Omer Fast, Continuity, 2012

Sam Durant, Scaffold, 2012

Two real “conflicts” disturbed the civilised art-going days of the dOCUMENTA (13) previews. First, the failure of dOCUMENTA (13)’s aim to transport the El Chaco meteorite, a 37-ton, 4,000-year-old lump of space rock, from aboriginal land in Argentina to Kassel, as proposed by artists Guillermo Faivovich and Nicolas Goldberg, continued to stir debate during the opening week. It was a controversial proposal, strongly and successfully protested by indigenous Argentians.

Indigenous Argentinians protesting the removal of the El Chaco meteorite for inclusion in documenta 13

And then, on preview day, above the peaceful sunlit Karlsaue park, rose Critical Art Ensemble (CAE)’s shatteringly–loud helicopter, rising and sinking several times an hour, audible – and frequently visible – across the town, invading art-going experience and drowning conversations. In A Public Misery Project: A Temporary Monument to Global Economic Inequality, CAE raised a huge bar graph depicting wealth disparity across the world. 99% of the world’s incomes fitted onto the banner, but the globe’s richest 1% required a helicopter to soar 250 meters up in the sky. Exclusive €300 tickets were purchased by an irony-unencumbered fifty people, only twelve of whom showed up on the day to be escorted down a red carpet for their flight. The 99%, meanwhile, could buy a lottery ticket and the chance to win a ride.

Some of the reason for this economic disparity, as well perhaps as the mechanics for the endless cycle of manmade disasters, are revealed in Mark Lombardi’s obsessive mapping of corruption, politics and finance, that make visible the hidden connections between political and economic processes, corporation, and individuals.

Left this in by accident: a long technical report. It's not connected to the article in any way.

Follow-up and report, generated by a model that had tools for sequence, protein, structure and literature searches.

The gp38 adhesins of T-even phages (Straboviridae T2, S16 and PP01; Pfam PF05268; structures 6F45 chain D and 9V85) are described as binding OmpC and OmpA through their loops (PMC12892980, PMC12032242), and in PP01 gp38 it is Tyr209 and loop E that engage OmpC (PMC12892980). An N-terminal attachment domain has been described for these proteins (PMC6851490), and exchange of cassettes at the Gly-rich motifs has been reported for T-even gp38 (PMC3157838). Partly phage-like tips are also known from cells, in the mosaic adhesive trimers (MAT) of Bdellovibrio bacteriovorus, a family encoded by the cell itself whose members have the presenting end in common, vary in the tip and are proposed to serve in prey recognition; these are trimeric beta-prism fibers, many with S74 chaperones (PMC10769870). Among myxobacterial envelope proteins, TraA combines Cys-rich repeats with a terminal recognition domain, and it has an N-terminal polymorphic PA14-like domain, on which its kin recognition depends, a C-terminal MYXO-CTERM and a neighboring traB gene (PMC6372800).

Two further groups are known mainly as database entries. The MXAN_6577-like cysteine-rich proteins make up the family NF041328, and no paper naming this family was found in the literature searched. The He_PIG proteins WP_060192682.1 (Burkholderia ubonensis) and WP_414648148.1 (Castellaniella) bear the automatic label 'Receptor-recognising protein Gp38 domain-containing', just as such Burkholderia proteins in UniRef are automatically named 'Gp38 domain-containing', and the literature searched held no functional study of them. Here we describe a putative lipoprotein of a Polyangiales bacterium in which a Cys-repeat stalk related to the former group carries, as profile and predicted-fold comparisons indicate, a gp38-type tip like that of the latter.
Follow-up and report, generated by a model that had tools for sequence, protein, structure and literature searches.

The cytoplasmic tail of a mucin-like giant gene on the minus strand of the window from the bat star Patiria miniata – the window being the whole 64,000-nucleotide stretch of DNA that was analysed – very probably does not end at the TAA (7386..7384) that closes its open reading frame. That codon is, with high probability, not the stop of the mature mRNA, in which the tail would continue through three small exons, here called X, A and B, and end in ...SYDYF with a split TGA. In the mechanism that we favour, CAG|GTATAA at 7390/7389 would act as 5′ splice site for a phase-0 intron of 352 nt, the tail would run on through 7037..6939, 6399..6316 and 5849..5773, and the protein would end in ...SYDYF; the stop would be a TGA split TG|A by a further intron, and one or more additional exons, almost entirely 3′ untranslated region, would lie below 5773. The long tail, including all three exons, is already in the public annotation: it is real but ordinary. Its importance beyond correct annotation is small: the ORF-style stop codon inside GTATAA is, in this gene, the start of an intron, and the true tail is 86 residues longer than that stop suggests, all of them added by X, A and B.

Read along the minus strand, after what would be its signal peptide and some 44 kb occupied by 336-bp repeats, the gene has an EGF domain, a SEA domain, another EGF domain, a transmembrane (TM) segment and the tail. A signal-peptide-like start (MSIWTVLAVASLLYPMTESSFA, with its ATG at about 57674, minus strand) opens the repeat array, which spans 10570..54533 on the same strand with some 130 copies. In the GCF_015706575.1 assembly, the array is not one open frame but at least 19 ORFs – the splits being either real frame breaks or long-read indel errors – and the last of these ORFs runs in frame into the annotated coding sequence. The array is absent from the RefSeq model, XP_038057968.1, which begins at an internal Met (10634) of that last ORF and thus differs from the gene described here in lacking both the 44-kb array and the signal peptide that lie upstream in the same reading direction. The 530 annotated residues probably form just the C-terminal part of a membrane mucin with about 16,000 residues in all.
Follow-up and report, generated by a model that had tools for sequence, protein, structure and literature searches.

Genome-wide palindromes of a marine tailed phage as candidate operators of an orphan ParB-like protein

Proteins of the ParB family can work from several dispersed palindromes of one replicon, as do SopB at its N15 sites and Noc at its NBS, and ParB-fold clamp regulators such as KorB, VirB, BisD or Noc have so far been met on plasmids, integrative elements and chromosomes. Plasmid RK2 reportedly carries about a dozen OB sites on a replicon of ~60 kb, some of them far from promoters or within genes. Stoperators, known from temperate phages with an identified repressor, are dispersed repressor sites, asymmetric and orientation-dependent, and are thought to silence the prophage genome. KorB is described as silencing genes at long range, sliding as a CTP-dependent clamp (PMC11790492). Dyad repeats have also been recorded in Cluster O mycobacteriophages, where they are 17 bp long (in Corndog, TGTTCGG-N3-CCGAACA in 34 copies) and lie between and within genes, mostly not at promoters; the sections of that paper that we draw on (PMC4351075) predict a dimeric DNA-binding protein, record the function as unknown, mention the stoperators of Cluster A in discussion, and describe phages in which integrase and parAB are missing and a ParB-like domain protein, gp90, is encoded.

Critical Art Ensemble, A Public Misery Project: A Temporary Monument to Global Economic Inequality, 2012


AV Festival: unfolding installations, incremental car crashes and unhurried soundscapes

A small white car in a gallery, its front end against the wall, car bonnet beginning to buckle

Jonathan Schipper, Slow Motion Car Crash, 2012

I had 24 hours of frantic slowness at the terrific AV festival last weekend. This year, the theme of this excellent festival of art, technology, music and film was As Slow As Possible. As I spent much time with our own contribution, Agnes Meyer Brandis’ Moon Goose Analogue, at the Great North Museum (formerly Hancock), and only saw perhaps half of the visual and sound art works – leaving almost unsampled an enticing programme of film and music – I can hardly review it, but I will just note a few highlights from my own small sampling: